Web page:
Fashion First: Daniel Jones Style Curator

Daniel Jones

Fashion First: Daniel Jones Style Curator

Daniel Jones, the style curator, hailing from the Dominican Republic and raised in Brooklyn, is renowned for his distinctive vision in the realms of music and sports. Before establishing DRJSPOKESTYLE LLC, Daniel honed his skills alongside globally recognized artists like Jason Rembert, Groovy Lew, and Kesha Mcleod, all while completing his law degree.

Daniel’s philosophy revolves around viewing clients as more than mere canvases; they are brands seeking creativity, confidence, professionalism, and a personal touch. Embracing the role of a CULTURE CONNECTOR, he cultivates an environment for them to flourish, one look at a time.

At The Garnette Report, we had the distinct pleasure of sitting down with Daniel Jones to learn about what this style maven is all about.

Zoey: So initially, you wanted to be a lawyer. What inspired you to become a stylist?

Daniel: As a New Yorker, you are surrounded by all these cool things happening in life. I went to Rutgers for intellectual property law, but even while there, I had this Dave Chappelle moment— it was too much, It wasn’t not fun. I was also part-time working at a law firm in Midtown, while my classes were in New Jersey, and I was living in Sunset Park, Brooklyn. It was all taking a toll, and I thought there’s got to be a way out of this. I always wanted to be in fashion, but I didn’t know how to get into the space. There was no information on Google; no info on how to get paid or how to get a client. You just gotta figure it out as you go. Shout out to my frat brother, Kevin Macintosh, because without him, a lot of this wouldn’t have occurred. He DM’d me during the early days of Instagram, asking what I wanted to do. I said I wanted to be a stylist, and he connected me with Jason Rembert. I met him three days after I emailed him, and we sat down, chopping it up for like 3 or 4 hours. I thought, “I’m going to work with this man soon.” I didn’t hear from him for three months, and then he hit me saying he needed me to send my ID and passport info and meet him at JFK, and from there, my life completely changed. I was on the road for a month straight, learning the ins and outs of this industry. I also met my now-best friend, Daniel Lee, during my first time in LA.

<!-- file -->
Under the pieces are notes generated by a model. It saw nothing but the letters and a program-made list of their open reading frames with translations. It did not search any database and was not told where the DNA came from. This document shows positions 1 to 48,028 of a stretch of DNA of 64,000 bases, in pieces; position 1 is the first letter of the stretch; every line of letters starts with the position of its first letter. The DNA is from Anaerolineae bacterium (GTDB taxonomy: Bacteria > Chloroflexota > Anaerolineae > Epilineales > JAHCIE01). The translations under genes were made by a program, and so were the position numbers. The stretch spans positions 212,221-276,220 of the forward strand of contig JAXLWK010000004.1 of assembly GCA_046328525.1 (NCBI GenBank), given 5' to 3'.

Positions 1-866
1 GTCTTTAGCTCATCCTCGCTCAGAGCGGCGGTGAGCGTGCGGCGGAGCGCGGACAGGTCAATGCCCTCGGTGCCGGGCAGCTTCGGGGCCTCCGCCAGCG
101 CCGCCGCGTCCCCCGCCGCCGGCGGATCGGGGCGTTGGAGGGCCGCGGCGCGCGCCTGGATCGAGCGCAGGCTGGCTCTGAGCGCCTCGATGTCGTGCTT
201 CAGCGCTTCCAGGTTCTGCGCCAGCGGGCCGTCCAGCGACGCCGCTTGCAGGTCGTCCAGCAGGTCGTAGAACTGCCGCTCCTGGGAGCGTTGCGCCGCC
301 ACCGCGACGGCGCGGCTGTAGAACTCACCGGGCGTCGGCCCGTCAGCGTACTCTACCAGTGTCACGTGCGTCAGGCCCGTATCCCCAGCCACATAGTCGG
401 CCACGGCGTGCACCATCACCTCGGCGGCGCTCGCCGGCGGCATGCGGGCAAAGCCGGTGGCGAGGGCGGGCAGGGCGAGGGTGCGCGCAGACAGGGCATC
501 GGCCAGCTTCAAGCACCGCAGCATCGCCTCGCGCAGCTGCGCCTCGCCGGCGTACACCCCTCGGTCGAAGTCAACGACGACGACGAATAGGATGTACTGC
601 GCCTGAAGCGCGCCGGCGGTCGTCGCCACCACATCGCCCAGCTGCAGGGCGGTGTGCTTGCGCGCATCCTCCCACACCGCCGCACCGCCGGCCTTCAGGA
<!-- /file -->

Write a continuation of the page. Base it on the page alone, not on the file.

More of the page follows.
Zoey: What was one of your most memorable experiences or projects thus far?


Daniel: There have been so many amazing memories, but when people come to my Instagram page, the first thing that sticks out is my work with Nipsey Hussle. It was a journey within itself, being there with everything up until his passing. I shot the “Higher” video with John Legend and DJ Khaled, and I flew back to NYC literally that day, catching a red eye. That journey alone was amazing, Grammy weekend, and the Roc Nation brunch.


Zoey: Yeah, that’s right. You were behind the famous photo from The Grammy weekend  Roc Nation brunch and his iconic look for “Higher,” that jacket. I mean, that photo was everywhere.


Daniel: Yeah, it was so crazy. That jacket came out of nowhere, and Nyeisha Rose helped me find it. Another moment was getting my first athlete client, which was a significant goal for me. People think getting athlete clients is easy, but it’s not the case.


Zoey: Really? I thought you would want to be more in the music and entertainment world.

Daniel: We’ll see. I come from an athletic background. I played basketball in high school and college and played soccer a bit. I watch basketball non-stop, yet my first client plays football. I legit went to my first NFL game about 3 or 4 weeks ago, and now I’m engulfed in the world of football. Life takes you everywhere.


Zoey: There’s been a lot of conversation about what it’s like to be black and be a fashion stylist, especially since Law Roach has brought the conversation to light about issues and politics. It’s just clothes. Can you share your insights on the challenges and opportunities unique to individuals of color in the fashion and entertainment world?